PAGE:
On December 19, 1980, Appellant returned to Swygert's office on the eighth floor of the Klein Building and demanded that he be allowed to use the library, because it was his right. Swygert asked Appellant to leave and Appellant stated that he would not leave the building unless arrested or physically removed. Appellant was again asked to leave and upon his refusal, campus security was contacted. During this encounter outside Swygert's office, Appellant was shouting at those present and at one point told Swygert to "go to hell". The security officer, upon his arrival at Swygert's office, spoke with Appellant, requesting that he leave. Appellant again refused. He was then arrested, escorted off the University premises, and released. Appellant immediately returned to the law library where he was arrested at the check-out desk of the library and charges of defiant trespass and disorderly conduct filed.
Professor Swygert testified at trial that he refused Appellant access to the law library for his failure to maintain the proper "decorum", based on the two confrontations.
Appellant raises three issues on appeal: (1) did the trial court err in failing to grant Appellant's demurrer and was the evidence insufficient, (2) was Appellant's conviction for defiant trespass barred by 18 Pa.C.S.A. § 110(2) because of his prior acquittal of the disorderly conduct charge, and (3)
[ 323 Pa. Super. Page 157]
did Appellant have a legal right and/or license to use the law library.
Appellant's first argument alleges that the trial court erred in failing to grant his demurrer and that the evidence was insufficient to support Appellant's conviction for defiant trespass. We note initially that the issue of the correctness of the ruling on a demurrer is not an appropriate appellate issue where the defendant did not rest following the adverse ruling, but instead chose to present evidence in his defense. Commonwealth v. McNeal, 493 Pa. 395, 426 A.2d 606 (1981). However, when there is an improper challenge to the trial court's ruling on the demurrer, this court may treat the question as if properly framed, namely, whether the trial court erred in refusing Appellant's motion in arrest of judgment -- whether the evidence was sufficient in law to support the conviction. Commonwealth v. Ilgenfritz, 466 Pa. 345, 353 A.2d 387 (1976).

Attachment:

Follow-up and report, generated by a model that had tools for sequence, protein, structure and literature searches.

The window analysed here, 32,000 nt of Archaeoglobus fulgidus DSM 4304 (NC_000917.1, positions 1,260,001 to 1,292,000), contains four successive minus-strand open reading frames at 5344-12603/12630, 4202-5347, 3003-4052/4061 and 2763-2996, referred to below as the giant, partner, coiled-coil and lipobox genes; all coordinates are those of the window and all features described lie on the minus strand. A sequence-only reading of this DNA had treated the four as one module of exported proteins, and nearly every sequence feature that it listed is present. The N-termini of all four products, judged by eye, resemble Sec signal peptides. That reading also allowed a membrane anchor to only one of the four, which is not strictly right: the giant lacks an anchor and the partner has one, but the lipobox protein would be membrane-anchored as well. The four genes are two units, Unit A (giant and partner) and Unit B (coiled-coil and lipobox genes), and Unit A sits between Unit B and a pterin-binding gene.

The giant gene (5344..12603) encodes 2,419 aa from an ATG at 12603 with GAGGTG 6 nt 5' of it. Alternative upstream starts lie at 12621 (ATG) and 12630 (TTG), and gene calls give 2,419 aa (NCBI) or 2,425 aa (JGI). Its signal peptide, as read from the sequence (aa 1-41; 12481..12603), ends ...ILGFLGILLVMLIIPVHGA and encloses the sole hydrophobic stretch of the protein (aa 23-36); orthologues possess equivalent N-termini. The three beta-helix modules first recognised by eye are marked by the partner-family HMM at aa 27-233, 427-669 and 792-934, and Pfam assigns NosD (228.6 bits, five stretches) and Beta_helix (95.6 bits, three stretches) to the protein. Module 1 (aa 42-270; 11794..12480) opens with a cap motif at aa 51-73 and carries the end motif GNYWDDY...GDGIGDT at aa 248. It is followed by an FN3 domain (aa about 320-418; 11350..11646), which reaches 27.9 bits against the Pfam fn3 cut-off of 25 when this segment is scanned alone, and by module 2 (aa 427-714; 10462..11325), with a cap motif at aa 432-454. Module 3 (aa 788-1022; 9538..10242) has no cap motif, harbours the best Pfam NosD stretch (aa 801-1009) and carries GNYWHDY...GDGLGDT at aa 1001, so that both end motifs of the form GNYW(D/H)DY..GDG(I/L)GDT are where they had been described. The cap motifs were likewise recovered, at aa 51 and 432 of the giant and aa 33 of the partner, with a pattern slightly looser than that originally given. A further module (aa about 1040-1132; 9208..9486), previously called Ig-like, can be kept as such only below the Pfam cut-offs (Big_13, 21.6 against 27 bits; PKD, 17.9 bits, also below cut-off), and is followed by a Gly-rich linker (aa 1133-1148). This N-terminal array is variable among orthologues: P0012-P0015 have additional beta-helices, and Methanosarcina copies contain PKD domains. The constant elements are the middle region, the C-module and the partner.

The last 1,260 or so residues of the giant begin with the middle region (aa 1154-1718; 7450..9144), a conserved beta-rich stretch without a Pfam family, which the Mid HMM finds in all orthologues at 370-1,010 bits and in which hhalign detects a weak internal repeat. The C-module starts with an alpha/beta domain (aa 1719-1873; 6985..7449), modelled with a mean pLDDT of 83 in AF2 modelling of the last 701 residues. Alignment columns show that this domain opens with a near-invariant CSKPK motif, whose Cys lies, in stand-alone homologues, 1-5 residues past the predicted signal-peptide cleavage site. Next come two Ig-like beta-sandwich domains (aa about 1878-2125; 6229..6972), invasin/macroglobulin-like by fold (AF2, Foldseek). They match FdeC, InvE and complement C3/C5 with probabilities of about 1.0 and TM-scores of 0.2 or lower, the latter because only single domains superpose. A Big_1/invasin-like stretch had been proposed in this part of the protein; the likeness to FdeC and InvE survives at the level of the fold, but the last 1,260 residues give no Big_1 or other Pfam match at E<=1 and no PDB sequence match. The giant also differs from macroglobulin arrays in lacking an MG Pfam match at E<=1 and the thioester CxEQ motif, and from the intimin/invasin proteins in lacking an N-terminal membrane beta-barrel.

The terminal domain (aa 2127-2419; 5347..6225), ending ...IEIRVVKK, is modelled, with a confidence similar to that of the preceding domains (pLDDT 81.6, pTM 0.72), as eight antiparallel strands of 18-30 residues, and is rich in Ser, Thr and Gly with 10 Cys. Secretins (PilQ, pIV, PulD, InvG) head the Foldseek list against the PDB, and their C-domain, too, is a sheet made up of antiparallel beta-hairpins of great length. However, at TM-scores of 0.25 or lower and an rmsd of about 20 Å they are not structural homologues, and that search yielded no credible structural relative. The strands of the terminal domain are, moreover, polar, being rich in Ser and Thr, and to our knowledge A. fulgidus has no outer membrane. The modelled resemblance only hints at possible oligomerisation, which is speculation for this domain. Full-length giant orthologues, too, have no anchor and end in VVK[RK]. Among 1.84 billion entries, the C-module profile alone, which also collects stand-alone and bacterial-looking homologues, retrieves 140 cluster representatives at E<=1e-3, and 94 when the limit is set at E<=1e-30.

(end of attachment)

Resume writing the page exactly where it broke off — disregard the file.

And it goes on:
The defiant trespass statute, 18 Pa.C.S.A. § 3503(b) states:
(b) Defiant trespasser. --
(1) A person commits an offense if, knowing that he is not licensed or privileged to do so, he enters or remains in any place as to which notice against trespass is given by:
(i) actual communication to the actor; or
(ii) posting in a manner prescribed by law or reasonably likely to come to the attention of intruders; or
(iii) fencing or other enclosure manifestly designed to exclude intruders.
Section 3503(c)(2) sets forth:
(c) Defenses. -- It is a defense to prosecution under this section that:
(2) the premises were at the time open to members of the public and the actor complied with all lawful conditions imposed on access to or remaining in the premises;
[ 323 Pa. Super. Page 158]